While whip is a commonly used statistic in baseball, it is not the only factor that determines a pitcher’s skill. Other statistics such as ERA and strikeout rates should also be considered in evaluating a pitcher’s performance.

7.How does weather affect whip?

In general, cold and wet weather conditions can affect a pitcher’s grip and control, resulting in a higher whip. On the other hand, warm and dry weather can lead to better pitches and a lower whip.

8.Can a pitcher have a negative whip?

Yes, a pitcher can have a negative whip if they have more strikeouts than hits and walks combined, meaning they are allowing fewer baserunners than innings pitched.

9.When was whip first used as a statistic in baseball?

The whip statistic was first introduced and popularized in the 1970s and has since become a widely used measure of a pitcher’s effectiveness.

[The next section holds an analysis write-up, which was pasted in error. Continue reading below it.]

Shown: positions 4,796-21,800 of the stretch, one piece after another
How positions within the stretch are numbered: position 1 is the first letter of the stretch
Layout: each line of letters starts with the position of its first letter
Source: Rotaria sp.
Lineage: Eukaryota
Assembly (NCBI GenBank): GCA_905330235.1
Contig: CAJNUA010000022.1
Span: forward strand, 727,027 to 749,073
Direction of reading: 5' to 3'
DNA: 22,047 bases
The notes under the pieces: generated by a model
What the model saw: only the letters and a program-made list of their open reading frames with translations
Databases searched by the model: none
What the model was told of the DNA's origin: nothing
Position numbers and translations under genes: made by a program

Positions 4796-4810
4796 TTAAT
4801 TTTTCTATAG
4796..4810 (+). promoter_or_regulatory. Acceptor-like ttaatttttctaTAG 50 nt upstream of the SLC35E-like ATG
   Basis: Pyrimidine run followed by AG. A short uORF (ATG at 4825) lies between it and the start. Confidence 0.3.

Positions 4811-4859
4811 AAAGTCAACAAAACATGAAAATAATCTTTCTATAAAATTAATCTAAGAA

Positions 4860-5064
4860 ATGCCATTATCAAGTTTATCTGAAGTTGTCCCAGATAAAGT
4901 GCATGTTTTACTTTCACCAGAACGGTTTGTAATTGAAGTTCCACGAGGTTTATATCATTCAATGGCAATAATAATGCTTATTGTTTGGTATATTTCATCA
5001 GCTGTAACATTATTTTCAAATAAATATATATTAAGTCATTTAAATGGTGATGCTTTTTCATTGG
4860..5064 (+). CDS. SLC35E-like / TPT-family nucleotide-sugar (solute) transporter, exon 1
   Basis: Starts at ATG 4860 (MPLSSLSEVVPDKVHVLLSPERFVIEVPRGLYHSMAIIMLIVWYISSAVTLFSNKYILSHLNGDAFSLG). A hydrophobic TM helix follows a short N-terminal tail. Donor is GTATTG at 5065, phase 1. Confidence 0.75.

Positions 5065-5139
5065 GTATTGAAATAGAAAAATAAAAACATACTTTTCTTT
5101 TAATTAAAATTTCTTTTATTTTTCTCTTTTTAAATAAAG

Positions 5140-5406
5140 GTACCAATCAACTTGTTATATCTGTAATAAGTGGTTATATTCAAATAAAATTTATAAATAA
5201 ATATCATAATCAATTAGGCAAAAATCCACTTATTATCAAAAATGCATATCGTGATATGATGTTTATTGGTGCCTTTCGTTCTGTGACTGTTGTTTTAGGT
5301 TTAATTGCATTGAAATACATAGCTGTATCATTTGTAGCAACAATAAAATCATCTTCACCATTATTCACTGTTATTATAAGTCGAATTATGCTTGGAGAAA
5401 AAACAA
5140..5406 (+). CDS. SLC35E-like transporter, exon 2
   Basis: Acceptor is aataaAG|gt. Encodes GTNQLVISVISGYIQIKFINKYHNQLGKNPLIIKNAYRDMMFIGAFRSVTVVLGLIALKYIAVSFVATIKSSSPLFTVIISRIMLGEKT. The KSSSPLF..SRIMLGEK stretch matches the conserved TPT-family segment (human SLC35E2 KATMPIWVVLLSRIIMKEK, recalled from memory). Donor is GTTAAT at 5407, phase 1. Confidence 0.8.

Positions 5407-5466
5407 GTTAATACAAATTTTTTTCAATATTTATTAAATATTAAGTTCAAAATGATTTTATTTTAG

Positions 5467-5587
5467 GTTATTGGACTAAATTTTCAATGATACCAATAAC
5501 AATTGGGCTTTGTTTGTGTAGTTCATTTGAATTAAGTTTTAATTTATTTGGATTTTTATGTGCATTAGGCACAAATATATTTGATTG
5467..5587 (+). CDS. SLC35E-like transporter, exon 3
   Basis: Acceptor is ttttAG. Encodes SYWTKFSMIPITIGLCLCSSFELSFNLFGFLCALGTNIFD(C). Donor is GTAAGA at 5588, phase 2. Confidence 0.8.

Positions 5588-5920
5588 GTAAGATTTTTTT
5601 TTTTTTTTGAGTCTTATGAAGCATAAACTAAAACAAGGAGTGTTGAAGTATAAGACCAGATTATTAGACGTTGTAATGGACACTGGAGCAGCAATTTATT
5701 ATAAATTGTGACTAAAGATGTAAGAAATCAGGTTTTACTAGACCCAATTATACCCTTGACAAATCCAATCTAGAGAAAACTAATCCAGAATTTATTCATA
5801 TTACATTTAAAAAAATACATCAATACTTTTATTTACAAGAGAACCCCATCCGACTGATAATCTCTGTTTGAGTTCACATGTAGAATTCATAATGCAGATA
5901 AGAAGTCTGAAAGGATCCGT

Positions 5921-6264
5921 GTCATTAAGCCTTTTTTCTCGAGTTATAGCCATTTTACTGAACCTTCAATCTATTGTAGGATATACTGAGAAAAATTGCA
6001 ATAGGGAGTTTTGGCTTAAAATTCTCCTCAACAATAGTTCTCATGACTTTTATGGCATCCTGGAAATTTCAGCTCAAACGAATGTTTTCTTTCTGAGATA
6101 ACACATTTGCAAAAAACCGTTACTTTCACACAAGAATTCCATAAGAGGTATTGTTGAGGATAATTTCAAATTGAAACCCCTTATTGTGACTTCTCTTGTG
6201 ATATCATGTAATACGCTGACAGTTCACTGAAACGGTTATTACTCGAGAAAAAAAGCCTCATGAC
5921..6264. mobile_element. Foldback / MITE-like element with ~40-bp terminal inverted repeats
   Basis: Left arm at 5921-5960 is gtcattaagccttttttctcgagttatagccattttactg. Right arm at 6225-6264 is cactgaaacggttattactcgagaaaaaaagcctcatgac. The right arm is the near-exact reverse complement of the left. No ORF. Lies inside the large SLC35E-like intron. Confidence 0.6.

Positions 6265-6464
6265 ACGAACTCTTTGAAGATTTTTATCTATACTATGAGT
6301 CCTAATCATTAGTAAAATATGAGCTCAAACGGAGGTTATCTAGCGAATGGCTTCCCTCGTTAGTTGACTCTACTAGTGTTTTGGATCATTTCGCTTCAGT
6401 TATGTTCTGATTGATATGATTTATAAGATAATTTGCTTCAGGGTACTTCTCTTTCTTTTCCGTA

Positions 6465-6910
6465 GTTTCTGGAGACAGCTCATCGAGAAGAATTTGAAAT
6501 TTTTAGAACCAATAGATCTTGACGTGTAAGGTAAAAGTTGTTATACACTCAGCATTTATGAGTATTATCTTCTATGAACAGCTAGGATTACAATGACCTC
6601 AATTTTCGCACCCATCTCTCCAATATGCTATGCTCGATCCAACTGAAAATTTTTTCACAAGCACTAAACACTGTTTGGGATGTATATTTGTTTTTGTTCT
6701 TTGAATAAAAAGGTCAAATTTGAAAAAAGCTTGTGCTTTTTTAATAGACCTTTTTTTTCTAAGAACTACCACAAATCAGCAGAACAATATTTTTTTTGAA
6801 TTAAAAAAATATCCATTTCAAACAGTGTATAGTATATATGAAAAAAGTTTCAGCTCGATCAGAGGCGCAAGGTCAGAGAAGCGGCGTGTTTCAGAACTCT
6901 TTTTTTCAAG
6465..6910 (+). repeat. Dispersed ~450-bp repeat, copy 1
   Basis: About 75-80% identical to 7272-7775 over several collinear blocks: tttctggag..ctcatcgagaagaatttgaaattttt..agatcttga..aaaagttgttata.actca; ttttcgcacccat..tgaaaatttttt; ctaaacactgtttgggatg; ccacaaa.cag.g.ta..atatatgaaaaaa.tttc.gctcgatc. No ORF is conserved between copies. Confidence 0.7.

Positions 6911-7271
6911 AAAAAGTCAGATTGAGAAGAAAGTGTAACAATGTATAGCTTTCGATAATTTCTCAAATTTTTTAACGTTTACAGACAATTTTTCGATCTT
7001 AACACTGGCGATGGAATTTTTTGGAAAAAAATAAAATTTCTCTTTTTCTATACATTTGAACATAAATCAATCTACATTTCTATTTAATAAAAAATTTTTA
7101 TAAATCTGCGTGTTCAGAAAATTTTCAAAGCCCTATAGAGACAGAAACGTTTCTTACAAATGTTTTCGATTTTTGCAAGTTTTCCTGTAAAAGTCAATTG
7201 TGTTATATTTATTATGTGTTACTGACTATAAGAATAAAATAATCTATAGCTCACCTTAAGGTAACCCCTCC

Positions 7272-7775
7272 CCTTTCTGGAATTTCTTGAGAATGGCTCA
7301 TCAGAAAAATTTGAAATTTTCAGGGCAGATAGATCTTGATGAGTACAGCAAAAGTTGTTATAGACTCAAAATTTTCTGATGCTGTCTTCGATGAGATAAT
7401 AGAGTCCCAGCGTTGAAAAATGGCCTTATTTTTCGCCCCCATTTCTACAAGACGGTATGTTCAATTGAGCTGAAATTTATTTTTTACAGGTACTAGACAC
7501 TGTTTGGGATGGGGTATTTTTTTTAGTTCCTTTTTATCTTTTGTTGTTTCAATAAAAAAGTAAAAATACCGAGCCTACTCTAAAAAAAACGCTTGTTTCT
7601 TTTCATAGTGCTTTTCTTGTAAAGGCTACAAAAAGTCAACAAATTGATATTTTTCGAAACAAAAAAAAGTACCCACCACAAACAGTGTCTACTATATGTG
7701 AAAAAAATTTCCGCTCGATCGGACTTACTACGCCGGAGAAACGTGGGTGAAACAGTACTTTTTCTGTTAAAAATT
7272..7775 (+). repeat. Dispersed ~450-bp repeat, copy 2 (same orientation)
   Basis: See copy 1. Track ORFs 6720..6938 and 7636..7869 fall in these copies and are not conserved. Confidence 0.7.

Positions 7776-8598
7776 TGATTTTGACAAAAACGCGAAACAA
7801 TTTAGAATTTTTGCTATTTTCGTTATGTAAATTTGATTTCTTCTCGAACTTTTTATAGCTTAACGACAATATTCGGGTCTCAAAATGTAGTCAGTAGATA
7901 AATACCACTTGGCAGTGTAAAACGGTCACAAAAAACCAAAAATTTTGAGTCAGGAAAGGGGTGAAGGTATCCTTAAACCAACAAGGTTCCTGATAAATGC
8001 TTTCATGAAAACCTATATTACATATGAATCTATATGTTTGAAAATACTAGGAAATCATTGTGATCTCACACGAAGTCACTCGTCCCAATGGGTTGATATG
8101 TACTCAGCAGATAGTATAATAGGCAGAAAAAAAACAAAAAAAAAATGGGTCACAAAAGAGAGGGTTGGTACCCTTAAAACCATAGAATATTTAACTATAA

10.Are there any limitations to using whip as a measure of a pitcher’s performance?

While whip can provide valuable insights into a pitcher’s performance, it does not take into account factors such as a team’s defense and luck. It should be used in conjunction with other statistics for a more well-rounded evaluation. Master the Whip: Demystifying the Baseball Term in 5 Simple Steps


Whip is a key statistic in baseball and serves as an important tool for evaluating a pitcher’s performance. It takes into account all walks and hits allowed, giving a more accurate representation of a pitcher’s effectiveness than other statistics such as ERA. With the rise of advanced analytics in baseball, whip has become an integral component of evaluating both pitchers and hitters. As the game of baseball continues to evolve, whip will likely remain a crucial factor in determining the success of a pitcher on the mound.